US Naval War College Logo
Search
|
Contact Us
|
Alumni
|
Library
|
Site Map
|
Intranet
|
Home
NWC on Facebook NWC on Twitter NWC on Flickr NWC on Blackboard
|
Visitors
|
Foundation
From Naval Order of the United States
May 16, 2012

MERRIFIELD, Va. -- Dr. John Hattendorf, D.Phil., L.H.D., F.R. Hist.S., Ernest J. King Professor of Maritime History at the Naval War College and also Director of the Naval War College Museum, is the 2012 recipient of the Admiral of the Navy George Dewey Award, Naval Order of the United States.

The Naval Order of the United States (NOUS) was founded in 1890 by descendants of New England seafarers who fought in the Revolutionary War. The Order’s “charge” is to encourage research and writing on naval and maritime subjects and to promote the preservation of historic artifacts and memories of naval and maritime history.

Professor Hattendorf follows in the footsteps of President George H. W. Bush, the first recipient of this award, along with Admiral/Senator Jeremiah Denton, Deputy Secretary of Defense Gordon England, Secretary of State George Schultz, Senator John Warner and Admiral James Holloway. 

The award, which recognizes the exemplary service of a senior civilian, eligible for Regular membership in the Naval Order, whose record of exemplary service sets the awardee apart  from his peers, will be presented  later this year.
 
Forty-five years ago this fall, Hattendorf joined the U.S. Navy. He was fresh out of Kenyon College, in Gambier, Ohio, named after Admiral James Lord Gambier (1756-1833). For Hattendorf, Kenyon was where he found his interest in historical research and where as an undergraduate he established the college's archives.
 
His seven-year career in the U.S. Navy was memorable. During November 1965, while patrolling the Taiwan Strait, John's ship USS O'Brien (DD 725) arrived just after an attack on two Nationalist Chinese patrol boats by "Communist Chinese torpedo and gun boats." One Nationalist boat was sunk in this encounter, and O'Brien helped transport survivors back to land. His ship was also one of the first to be hit by shore batteries in Vietnam.

These events triggered Hattendorf's first scholarly publication pertaining to the U.S. Navy, written jointly with his CO, entitled "O’Brien's Odyssey: One Destroyer's Duty in the Seventh Fleet," Our Navy (September 1966). He went on to serve several more years, first in the Naval History Division in Washington, then in two other destroyers, and finally as speechwriter to Adm. Stansfield Turner at the Naval War College.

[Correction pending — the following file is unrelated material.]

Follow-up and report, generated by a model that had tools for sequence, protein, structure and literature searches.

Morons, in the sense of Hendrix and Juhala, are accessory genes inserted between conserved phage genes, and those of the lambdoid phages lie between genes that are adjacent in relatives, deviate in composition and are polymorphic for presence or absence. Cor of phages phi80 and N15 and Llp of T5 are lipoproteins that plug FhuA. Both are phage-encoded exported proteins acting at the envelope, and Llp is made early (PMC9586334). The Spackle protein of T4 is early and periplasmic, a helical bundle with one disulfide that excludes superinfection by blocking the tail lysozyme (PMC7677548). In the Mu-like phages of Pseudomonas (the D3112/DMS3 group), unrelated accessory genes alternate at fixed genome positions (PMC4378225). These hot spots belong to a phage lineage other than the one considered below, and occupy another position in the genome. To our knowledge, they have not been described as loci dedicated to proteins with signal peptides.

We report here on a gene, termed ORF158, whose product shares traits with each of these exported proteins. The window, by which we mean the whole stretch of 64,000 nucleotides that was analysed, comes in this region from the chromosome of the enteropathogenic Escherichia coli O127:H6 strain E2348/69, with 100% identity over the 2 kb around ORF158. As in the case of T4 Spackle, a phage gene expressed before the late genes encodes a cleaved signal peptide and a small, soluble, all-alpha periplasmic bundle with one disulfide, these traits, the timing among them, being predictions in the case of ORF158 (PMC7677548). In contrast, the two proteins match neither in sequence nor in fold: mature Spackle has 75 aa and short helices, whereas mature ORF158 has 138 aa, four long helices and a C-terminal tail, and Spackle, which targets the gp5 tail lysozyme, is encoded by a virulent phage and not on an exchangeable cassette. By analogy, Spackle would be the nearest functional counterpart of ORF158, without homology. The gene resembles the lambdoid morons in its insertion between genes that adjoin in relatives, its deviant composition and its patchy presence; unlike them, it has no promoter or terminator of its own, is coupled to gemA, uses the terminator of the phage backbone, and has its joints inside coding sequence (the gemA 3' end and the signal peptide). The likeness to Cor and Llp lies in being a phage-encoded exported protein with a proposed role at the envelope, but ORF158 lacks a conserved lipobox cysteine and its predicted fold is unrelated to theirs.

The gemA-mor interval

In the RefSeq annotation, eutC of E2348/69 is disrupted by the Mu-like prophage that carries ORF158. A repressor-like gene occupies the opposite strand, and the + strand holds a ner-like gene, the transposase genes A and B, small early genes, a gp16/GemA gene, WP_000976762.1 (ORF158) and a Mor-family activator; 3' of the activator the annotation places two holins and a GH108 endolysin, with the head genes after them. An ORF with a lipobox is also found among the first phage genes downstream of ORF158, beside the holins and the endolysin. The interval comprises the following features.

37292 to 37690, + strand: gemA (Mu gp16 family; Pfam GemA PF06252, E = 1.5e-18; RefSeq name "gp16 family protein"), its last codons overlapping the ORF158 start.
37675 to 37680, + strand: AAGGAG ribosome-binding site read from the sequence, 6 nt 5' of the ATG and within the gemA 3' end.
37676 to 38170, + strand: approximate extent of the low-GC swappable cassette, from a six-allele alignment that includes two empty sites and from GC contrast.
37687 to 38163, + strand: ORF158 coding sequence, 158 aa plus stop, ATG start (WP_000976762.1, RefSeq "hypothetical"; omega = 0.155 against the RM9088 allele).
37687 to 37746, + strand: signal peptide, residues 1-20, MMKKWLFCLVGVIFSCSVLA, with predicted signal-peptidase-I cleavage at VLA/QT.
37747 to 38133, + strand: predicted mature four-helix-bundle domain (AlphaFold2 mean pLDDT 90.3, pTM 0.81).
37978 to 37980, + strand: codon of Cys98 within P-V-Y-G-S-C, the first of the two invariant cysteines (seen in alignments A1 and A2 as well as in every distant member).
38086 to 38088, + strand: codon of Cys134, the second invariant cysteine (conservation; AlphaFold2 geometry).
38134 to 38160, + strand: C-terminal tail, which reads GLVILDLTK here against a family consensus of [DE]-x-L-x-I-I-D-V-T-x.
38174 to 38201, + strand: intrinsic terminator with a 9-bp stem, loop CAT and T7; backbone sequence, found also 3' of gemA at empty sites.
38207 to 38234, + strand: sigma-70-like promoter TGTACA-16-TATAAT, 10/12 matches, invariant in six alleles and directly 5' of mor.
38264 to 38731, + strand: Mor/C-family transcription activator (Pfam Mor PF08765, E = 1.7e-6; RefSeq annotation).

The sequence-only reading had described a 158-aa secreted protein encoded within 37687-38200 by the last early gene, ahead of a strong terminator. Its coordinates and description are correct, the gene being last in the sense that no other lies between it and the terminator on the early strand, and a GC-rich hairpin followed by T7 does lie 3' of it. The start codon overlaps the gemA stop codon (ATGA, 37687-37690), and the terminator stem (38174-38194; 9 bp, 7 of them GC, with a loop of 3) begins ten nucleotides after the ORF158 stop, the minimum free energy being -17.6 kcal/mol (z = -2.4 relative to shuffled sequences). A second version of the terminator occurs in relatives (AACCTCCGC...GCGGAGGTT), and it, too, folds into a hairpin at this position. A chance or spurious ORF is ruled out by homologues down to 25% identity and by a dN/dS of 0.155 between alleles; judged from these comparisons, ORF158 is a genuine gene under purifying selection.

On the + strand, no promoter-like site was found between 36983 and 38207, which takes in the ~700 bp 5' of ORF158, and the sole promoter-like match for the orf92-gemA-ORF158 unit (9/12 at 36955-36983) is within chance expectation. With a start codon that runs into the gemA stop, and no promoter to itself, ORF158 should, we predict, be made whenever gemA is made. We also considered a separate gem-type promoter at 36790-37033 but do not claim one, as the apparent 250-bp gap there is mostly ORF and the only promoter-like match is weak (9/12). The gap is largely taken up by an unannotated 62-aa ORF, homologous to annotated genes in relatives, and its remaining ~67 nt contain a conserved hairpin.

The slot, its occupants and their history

Upon leaving the Navy, Hattendorf earned his M.A. in history (1971) from Brown University and PhD in modern history (1979) at Pembroke College, Oxford.

Returning to the NWC in 1977, Hattendorf was named in 1984 the Ernest J. King Professor of Maritime History, a chair he has now held for a quarter century. From 1988 to 2003, Hattendorf directed the Advanced Research Department, and, in January 2003, he became chairman of the newly established Maritime History Department and director of the NWC Museum. Hattendorf was also a visiting professor at the National University of Singapore and on exchange with the German Armed Forces Military History Research Office.
 
Kenyon College, where Hattendorf earned his B.A. (1964), awarded him an honorary doctorate in 1997, and the National Maritime Museum, Greenwich, awarded him its Caird Medal in 2000.

In June 2009, he received the Department of the Navy Superior Civilian Service Award for his work as chairman of the Secretary of the Navy's Advisory Subcommittee on Naval History.

During October 2009, the Navy League of the United States awarded him its Alfred Thayer Mahan Award for Literary Achievement and the USS Constitution Museum presented him its Samuel Eliot Morison Award. These honors reflect his authorship of more than one hundred scholarly articles and numerous encyclopedia and dictionary entries, as well as being the author, co-author, editor, or co-editor of more than forty books on maritime history. Among them, The Oxford Encyclopedia of Maritime History (2007) won the 2008 Dartmouth Medal as "a reference work of outstanding quality and significance."
 

Posted by Cmdr. Carla M. McCarthy